Mende Kikakui script

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Mende Kikakui
Script type
CreatorMohamed Turay
Directionright-to-left script Edit this on Wikidata
ISO 15924
ISO 15924Mend (438), ​Mende Kikakui
Unicode alias
Mende Kikakui
Final Accepted Script Proposal
"Mɛɛnde yia" in Mende script Kikakui (read from right to left)

The Mende Kikakui script is a syllabary used for writing the Mende language of Sierra Leone.


The script was devised by Mohamed Turay (ca. 1850-1923), an Islamic scholar, at a town called Maka (Barri Chiefdom, southern Sierra Leone) around 1917. His writing system, an abugida called 'Kikakui' after the first three consonant sounds, was inspired by the Arabic abjad, the Vai syllabary and certain indigenous Mende pictograms and cryptographic characters. It originally had around 42 characters.[1]

One of Turay's Quranic students, as well as his nephew and son-in-law, was a young Kuranko man named Kisimi Kamara. He adjusted and developed the script further with help from his brothers, adding more than 150 other syllabic characters. Kamara popularized the script, travelling widely in Mendeland and becoming a well-known figure, eventually establishing himself as one of the most important chiefs in southern Sierra Leone in the mid 20th century. He is sometimes erroneously cited as the inventor of Kikakui.[2]

The script achieved widespread use for a time, particularly for financial and legal documents.[3] The colonial authorities' choice in the 1930s to use Diedrich Hermann Westermann's Africa Alphabet, based on the Latin script, for writing local languages pushed Kikakui into the background.[1] It is now considered a "failed script".[4]

Kikakui is still used today by an estimated few hundred individuals.[1]


Methodist missionaries in Sierra Leone considered using Kikakui to transliterate the Bible, but ultimately selected the Africa Alphabet due to the supposed efficiency and ease of writing of an alphabet. Experience, however, proved that a syllabary such as Kikakui was better suited for teaching and learning languages such as Mende that have an 'open vowel' structure.[5]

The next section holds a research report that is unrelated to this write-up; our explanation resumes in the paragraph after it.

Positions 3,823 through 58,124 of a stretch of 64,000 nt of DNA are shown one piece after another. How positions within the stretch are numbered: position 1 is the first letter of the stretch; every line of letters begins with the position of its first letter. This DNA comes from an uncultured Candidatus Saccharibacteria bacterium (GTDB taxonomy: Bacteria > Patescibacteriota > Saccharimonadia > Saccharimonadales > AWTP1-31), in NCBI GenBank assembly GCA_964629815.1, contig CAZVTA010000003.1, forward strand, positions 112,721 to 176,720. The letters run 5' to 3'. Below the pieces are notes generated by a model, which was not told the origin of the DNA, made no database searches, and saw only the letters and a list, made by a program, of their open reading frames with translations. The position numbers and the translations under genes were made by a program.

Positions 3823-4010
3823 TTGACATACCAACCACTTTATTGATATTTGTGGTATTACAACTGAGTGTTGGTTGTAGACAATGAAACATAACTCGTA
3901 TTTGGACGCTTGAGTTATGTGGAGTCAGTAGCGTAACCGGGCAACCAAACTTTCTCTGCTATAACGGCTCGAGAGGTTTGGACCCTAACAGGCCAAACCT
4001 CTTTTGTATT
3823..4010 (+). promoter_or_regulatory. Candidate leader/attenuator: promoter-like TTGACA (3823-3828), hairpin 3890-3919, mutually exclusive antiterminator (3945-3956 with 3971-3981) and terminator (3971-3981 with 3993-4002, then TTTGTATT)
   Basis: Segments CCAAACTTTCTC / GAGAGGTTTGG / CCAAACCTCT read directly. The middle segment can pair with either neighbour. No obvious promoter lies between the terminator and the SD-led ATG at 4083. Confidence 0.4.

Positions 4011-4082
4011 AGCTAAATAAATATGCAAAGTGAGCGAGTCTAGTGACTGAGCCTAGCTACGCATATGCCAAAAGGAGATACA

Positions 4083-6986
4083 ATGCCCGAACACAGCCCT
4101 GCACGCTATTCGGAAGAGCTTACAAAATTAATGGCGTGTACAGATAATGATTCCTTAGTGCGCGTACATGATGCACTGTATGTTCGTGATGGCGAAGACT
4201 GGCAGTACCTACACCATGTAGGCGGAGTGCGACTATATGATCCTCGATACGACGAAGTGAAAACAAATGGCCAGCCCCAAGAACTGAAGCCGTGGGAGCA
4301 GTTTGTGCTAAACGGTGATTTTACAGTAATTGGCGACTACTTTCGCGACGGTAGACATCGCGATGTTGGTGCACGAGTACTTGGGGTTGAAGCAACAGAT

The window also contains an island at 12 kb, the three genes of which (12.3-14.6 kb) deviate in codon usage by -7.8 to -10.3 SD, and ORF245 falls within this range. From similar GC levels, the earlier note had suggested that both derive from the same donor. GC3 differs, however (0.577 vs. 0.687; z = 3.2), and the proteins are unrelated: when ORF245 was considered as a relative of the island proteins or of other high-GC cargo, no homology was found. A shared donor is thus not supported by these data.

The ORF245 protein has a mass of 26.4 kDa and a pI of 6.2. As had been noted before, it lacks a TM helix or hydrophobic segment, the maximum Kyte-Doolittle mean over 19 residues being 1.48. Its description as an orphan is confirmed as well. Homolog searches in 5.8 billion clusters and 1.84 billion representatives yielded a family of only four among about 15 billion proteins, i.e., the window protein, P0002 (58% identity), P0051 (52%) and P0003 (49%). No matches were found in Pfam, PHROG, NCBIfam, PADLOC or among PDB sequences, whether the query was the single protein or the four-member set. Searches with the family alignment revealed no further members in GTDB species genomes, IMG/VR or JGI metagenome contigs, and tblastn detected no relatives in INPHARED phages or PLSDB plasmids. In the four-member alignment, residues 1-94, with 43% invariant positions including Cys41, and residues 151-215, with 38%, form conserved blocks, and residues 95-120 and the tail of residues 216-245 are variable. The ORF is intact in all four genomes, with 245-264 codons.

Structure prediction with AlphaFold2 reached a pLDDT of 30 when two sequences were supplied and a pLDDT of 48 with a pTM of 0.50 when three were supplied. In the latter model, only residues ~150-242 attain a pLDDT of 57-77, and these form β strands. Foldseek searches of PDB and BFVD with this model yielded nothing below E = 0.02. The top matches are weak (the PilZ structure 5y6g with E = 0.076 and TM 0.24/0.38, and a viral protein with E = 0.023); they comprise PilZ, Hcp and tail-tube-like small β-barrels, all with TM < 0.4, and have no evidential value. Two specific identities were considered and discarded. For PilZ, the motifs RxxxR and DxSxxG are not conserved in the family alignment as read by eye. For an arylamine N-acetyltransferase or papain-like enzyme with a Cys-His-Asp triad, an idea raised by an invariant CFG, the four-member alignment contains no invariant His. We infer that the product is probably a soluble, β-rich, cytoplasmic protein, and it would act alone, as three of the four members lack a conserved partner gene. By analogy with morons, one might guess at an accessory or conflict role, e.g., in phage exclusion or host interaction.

The script was originally used by specialists who served as record-keepers for the courts and benefited from having a monopoly in its usage. This created resistance to foreign missionaries' attempt to use Kikakui as a language for general instruction and made it seem too 'secret' for local Christians' efforts to promulgate the Bible in a widely understood script, so its usage in a Christian context dwindled. The script is, however, still used for transcribing passages of the Quran.[6]


There were an original 42 syllabic characters that were ordered according to sound and shape, while 150 more characters were later added without the same consistency to the character set. Some of the initial 42 characters resemble an abugida, given the standard ability for a reader to discern the vowels from seeing the character, as indicated by dots in consistent locations, but such uniformity vanishes in the remaining 150 characters. Glyphic variants have been found for certain characters.

Additionally, digits are encoded by indicating the place value on each digit for a number, with the units digit alone having no special indication. Beyond the 10s digit, the further digits are written on top of the base place value indicator, which increases in vertical lines from 2 at the 100s place (indicating 2*10 + the digit above) to the millionths digit that is encoded (which has 6). All of the different possible digits are encoded separately.


Mende Kikakui script was added to the Unicode Standard in June 2014 with the release of version 7.0.

The Unicode block for Mende Kikakui is U+1E800–U+1E8DF:

Mende Kikakui[1][2]
Official Unicode Consortium code chart (PDF)
  0 1 2 3 4 5 6 7 8 9 A B C D E F
U+1E80x 𞠀 𞠁 𞠂 𞠃 𞠄 𞠅 𞠆 𞠇 𞠈 𞠉 𞠊 𞠋 𞠌 𞠍 𞠎 𞠏
U+1E81x 𞠐 𞠑 𞠒 𞠓 𞠔 𞠕 𞠖 𞠗 𞠘 𞠙 𞠚 𞠛 𞠜 𞠝 𞠞 𞠟
U+1E82x 𞠠 𞠡 𞠢 𞠣 𞠤 𞠥 𞠦 𞠧 𞠨 𞠩 𞠪 𞠫 𞠬 𞠭 𞠮 𞠯
U+1E83x 𞠰 𞠱 𞠲 𞠳 𞠴 𞠵 𞠶 𞠷 𞠸 𞠹 𞠺 𞠻 𞠼 𞠽 𞠾 𞠿
U+1E84x 𞡀 𞡁 𞡂 𞡃 𞡄 𞡅 𞡆 𞡇 𞡈 𞡉 𞡊 𞡋 𞡌 𞡍 𞡎 𞡏
U+1E85x 𞡐 𞡑 𞡒 𞡓 𞡔 𞡕 𞡖 𞡗 𞡘 𞡙 𞡚 𞡛 𞡜 𞡝 𞡞 𞡟
U+1E86x 𞡠 𞡡 𞡢 𞡣 𞡤 𞡥 𞡦 𞡧 𞡨 𞡩 𞡪 𞡫 𞡬 𞡭 𞡮 𞡯
U+1E87x 𞡰 𞡱 𞡲 𞡳 𞡴 𞡵 𞡶 𞡷 𞡸 𞡹 𞡺 𞡻 𞡼 𞡽 𞡾 𞡿
U+1E88x 𞢀 𞢁 𞢂 𞢃 𞢄 𞢅 𞢆 𞢇 𞢈 𞢉 𞢊 𞢋 𞢌 𞢍 𞢎 𞢏
U+1E89x 𞢐 𞢑 𞢒 𞢓 𞢔 𞢕 𞢖 𞢗 𞢘 𞢙 𞢚 𞢛 𞢜 𞢝 𞢞 𞢟
U+1E8Ax 𞢠 𞢡 𞢢 𞢣 𞢤 𞢥 𞢦 𞢧 𞢨 𞢩 𞢪 𞢫 𞢬 𞢭 𞢮 𞢯
U+1E8Bx 𞢰 𞢱 𞢲 𞢳 𞢴 𞢵 𞢶 𞢷 𞢸 𞢹 𞢺 𞢻 𞢼 𞢽 𞢾 𞢿
U+1E8Cx 𞣀 𞣁 𞣂 𞣃 𞣄 𞣇 𞣈 𞣉 𞣊 𞣋 𞣌 𞣍 𞣎 𞣏
U+1E8Dx 𞣐 𞣑 𞣒 𞣓 𞣔 𞣕 𞣖
1.^ As of Unicode version 15.1
2.^ Grey areas indicate non-assigned code points


  1. ^ a b c Everson and Tuchscherer 2012.
  2. ^ Tuchscherer 1995, p. 170.
  3. ^ Tuchscherer 1995, p. 175.
  4. ^ Unseth, Peter. 2011. Invention of Scripts in West Africa for Ethnic Revitalization. In The Success-Failure Continuum in Language and Ethnic Identity Efforts, ed. by Joshua A. Fishman and Ofelia García, pp. 23-32. New York: Oxford University Press.
  5. ^ Tuchscherer 1995, p. 183.
  6. ^ Tuchscherer 1995, p. 185.
  • Everson, Michael; Tuchscherer, Konrad (2012-01-24). "N4167: Revised proposal for encoding the Mende script in the SMP of the UCS" (PDF). Working Group Document, ISO/IEC JTC1/SC2/WG2.
  • Konrad Tuchscherer, African Script and Scripture: The History of the Kikakui (Mende) Writing System for Bible Translations," African Languages and Cultures, 8, 2 (1995), pp. 169–188. <>

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